Tim Boswell

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The Lord Boswell of Aynho
Official portrait of Lord Boswell of Aynho crop 3.jpg
Official portrait, 2019
Lord Commissioner of the Treasury
In office
14 April 1992 – 11 December 1992
Prime MinisterJohn Major
Preceded bySydney Chapman
Succeeded byTimothy Kirkhope
Member of the House of Lords
Lord Temporal
Assumed office
8 July 2010
Life Peerage
Member of Parliament
for Daventry
In office
11 June 1987 – 12 April 2010
Preceded byReg Prentice
Succeeded byChris Heaton-Harris
Personal details
Born (1942-12-02) 2 December 1942 (age 79)
Brentwood, Essex, England
Political partyConservative
SpouseHelen Delahay Rees
Children3, including Victoria Prentis
EducationMarlborough College
Alma materNew College, Oxford
ProfessionFarmer and politician

Timothy Eric Boswell, Baron Boswell of Aynho DL (born 2 December 1942) is a British politician who was formerly the Conservative Member of Parliament (MP) for Daventry from 1987 until he stood down at the 2010 general election, after which he was raised to the House of Lords as a Conservative life peer.[1][2][3]

Personal life[edit]

The son of a farmer, Tim Boswell was educated at Marlborough College and New College, Oxford, where he obtained a degree in Classics and a diploma in agricultural economics.[3]

Boswell was married to Helen Delahay Boswell, née Rees, for 50 years until her death in 2019.[3][4][5] They had three daughters together including the Conservative Member of Parliament Victoria Prentis.

Political career[edit]

Conservative Party[edit]

He joined the Conservative Research Department in 1966, becoming head of the economics section in 1974. He stood for Parliament at the February 1974 general election in Rugby but lost by 6,154 votes to Labour's William Price.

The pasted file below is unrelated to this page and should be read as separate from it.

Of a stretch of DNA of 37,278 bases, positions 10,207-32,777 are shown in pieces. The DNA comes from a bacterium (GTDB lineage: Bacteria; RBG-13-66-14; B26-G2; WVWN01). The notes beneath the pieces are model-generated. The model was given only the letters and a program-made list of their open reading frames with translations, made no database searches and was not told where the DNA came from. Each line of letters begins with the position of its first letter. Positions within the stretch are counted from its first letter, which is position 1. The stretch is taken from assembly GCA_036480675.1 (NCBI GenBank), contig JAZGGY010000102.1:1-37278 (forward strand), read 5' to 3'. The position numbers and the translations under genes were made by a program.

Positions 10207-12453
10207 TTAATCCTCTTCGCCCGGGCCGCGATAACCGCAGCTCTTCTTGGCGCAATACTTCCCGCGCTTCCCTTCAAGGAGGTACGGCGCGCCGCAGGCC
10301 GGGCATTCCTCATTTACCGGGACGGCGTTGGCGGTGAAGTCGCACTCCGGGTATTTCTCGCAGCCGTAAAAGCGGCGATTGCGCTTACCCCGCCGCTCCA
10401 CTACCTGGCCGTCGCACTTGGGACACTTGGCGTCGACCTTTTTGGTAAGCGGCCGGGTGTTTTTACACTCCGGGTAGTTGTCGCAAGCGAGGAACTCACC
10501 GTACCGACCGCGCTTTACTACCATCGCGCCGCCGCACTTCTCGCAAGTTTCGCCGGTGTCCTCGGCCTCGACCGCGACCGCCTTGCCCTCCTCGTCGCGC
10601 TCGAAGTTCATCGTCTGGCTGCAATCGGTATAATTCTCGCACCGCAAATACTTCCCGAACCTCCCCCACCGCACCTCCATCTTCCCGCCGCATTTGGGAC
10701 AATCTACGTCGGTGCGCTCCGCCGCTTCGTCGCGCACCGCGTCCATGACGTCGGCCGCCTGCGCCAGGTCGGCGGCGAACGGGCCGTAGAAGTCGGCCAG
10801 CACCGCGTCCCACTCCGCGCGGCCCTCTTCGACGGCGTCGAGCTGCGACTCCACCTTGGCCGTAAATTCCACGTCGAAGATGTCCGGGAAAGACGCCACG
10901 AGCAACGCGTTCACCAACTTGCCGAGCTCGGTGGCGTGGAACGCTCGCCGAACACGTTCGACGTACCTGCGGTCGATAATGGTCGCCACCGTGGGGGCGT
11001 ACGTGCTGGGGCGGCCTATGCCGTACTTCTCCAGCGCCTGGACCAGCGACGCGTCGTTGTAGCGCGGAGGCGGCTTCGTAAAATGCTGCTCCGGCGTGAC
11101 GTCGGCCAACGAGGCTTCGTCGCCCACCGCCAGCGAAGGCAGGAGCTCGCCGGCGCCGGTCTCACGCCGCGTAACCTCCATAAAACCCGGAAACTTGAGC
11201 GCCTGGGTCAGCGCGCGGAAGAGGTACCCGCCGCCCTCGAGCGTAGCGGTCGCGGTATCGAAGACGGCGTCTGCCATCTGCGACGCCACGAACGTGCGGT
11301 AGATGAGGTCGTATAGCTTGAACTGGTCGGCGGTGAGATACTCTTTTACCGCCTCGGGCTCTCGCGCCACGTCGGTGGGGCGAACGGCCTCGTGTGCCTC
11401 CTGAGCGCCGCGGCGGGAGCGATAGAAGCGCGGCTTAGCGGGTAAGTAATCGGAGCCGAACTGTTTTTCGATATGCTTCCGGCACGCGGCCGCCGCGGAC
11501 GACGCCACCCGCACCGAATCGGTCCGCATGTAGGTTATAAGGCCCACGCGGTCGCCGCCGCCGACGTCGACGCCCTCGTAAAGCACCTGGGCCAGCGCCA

He was elected as the Treasurer of the Daventry Conservative Association in 1976 and subsequently its Chairman from 1979 to 1983. He became a political advisor to the Minister of Agriculture, Fisheries and Food Michael Jopling for two years from 1984.

House of Commons[edit]

Boswell was chosen to contest the Daventry constituency after the sitting Conservative MP Reg Prentice announced his retirement. He was elected as the Conservative MP for Daventry at the 1987 general election with a majority of 19,690 and held the safe seat comfortably until his retirement from the House of Commons.

Tim Boswell's Westminster career began unsurprisingly as a Member of the Agriculture Select committee in 1987. He became the Parliamentary Private Secretary to the Financial Secretary to the Treasury Peter Lilley in 1989. Tim Boswell entered John Major's government in 1990 as an Assistant Government Whip, following the 1992 general election he was promoted within the Whip's Office and became a Lord Commissioner to the Treasury.

In December 1992, Tim Boswell was appointed Parliamentary Under Secretary of State at the Department of Education and moved in the same position at the Ministry of Agriculture, Fisheries and Food until the Major government fell at the 1997 general election.